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How do Financial Guardianships Work

Financial guardianships exist in every state. In some states, they are called a conservatorship. In New York, they are called commonly known as guardianships of the property. Financial guardians are usually appointed by the court for incapacitated adults (for minors, a guardian is appointed appointed both for the person and for the minor’s property).

When is financial guardianship needed

When an adult suddenly becomes mentally incapacitated to conduct his affairs, a financial guardian may be appointed by the court. Some tell-tale signs for when a financial guardian is needed are when the alleged incapacitated adult:

  • Forgets to pay taxes;
  • Forgets to pay bills;
  • Is being financially and/or physically abused by another person;
  • Is unable to do basic activities, such as grooming, dressing, bathing, and getting food;
  • Forgets to clean the house; and
  • Forgets where he or she lives.

Who can petition for financial guardianship

Usually, the spouse and children of the alleged incapacitated person (AIP) file the petition for financial guardianship. But under Article 81 of the Mental Hygiene Law, a lot of people can file the petition, such as:

  • The AIP;
  • The heirs of the AIP;
  • An executor or administrator where the AIP is a beneficiary of the estate;
  • The trustee where the AIP is a beneficiary of the trust;
  • A person the AIP resides with;
  • Department of Social Services;
  • The CEO of the facility where the AIP is a patient or resident.
  • Anyone who is concerned with the welfare of the AIP;

Under the broad provision, “anyone who is concerned with the AIP’s welfare,” almost anyone can file a petition for financial guardianship over the AIP, including a creditor.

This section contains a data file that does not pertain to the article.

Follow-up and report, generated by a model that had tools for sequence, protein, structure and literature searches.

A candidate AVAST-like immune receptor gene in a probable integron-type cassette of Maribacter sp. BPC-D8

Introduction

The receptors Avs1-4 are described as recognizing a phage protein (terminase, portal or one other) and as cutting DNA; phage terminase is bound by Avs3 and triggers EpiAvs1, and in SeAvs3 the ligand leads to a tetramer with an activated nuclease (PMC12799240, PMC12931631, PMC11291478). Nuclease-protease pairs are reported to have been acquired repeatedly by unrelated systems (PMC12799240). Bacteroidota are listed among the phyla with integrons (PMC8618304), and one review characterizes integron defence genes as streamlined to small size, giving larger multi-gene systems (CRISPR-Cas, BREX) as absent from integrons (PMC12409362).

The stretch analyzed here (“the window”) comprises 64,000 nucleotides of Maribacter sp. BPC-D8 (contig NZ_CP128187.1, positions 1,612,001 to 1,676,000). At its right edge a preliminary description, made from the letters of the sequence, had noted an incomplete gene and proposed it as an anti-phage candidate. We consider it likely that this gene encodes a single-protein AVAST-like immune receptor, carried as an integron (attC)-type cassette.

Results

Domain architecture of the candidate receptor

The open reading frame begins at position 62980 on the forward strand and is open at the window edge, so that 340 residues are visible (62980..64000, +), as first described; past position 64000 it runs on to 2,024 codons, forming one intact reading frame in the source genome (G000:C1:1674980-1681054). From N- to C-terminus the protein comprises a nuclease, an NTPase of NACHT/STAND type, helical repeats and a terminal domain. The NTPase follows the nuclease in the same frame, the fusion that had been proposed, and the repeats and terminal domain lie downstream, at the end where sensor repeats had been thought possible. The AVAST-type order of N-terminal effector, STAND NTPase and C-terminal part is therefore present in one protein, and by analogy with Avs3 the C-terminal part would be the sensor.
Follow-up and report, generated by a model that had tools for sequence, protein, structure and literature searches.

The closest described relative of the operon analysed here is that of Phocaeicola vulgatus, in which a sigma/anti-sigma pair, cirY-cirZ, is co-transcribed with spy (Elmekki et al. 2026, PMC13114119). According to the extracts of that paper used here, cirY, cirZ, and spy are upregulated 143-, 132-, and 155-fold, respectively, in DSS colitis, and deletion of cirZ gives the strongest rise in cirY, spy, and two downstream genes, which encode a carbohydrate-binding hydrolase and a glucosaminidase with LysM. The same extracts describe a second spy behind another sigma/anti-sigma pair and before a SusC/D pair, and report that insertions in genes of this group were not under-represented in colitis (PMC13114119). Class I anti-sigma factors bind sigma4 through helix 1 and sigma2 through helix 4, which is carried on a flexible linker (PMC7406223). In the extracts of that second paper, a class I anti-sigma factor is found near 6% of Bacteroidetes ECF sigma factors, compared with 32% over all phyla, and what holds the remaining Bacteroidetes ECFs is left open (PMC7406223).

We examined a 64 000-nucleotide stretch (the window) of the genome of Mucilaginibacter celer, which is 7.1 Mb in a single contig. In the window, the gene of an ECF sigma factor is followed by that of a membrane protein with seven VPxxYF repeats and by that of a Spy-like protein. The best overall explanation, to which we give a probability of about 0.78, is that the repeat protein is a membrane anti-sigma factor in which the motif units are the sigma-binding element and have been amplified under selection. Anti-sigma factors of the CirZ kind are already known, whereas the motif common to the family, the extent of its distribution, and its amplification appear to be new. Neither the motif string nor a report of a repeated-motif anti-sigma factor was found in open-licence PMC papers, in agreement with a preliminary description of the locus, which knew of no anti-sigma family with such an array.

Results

Who can be appointed as financial guardian

The nominees of the AIP or the AIP’s family members are usually given preference in being appointed as financial guardian. Usually, however, the AIP won’t have any nominees because by the time the petition is filed, the AIP is already lacking in understanding of the proceedings involved and does not have the capacity to even nominate a financial guardian. For this reason, one of the AIP’s family members, usually the spouse or adult child, is appointed as financial guardian. At times, the court will appoint an independent co-guardian to serve with the family member as guardian.

To be appointed as financial guardian, the court may require a bond. The court may also dispense with the bond requirement, but more often than not, the court imposes a bond. If the family member cannot post a bond, the court may decide to appoint an independent guardian.

Procedure in appointing a financial guardian

The process of appointing a financial guardian begins with a petition. A family member will file a petition with court together with an order to show cause, requesting for the appointment of a financial guardian for the AIP. The AIP, the AIP’s spouse, parents, adult children, adult siblings, the nursing facility, the person with whom the AIP resides, the AIP’s attorney (or if none, the Mental Hygiene Legal Service), and the court evaluator are given notice of the petition.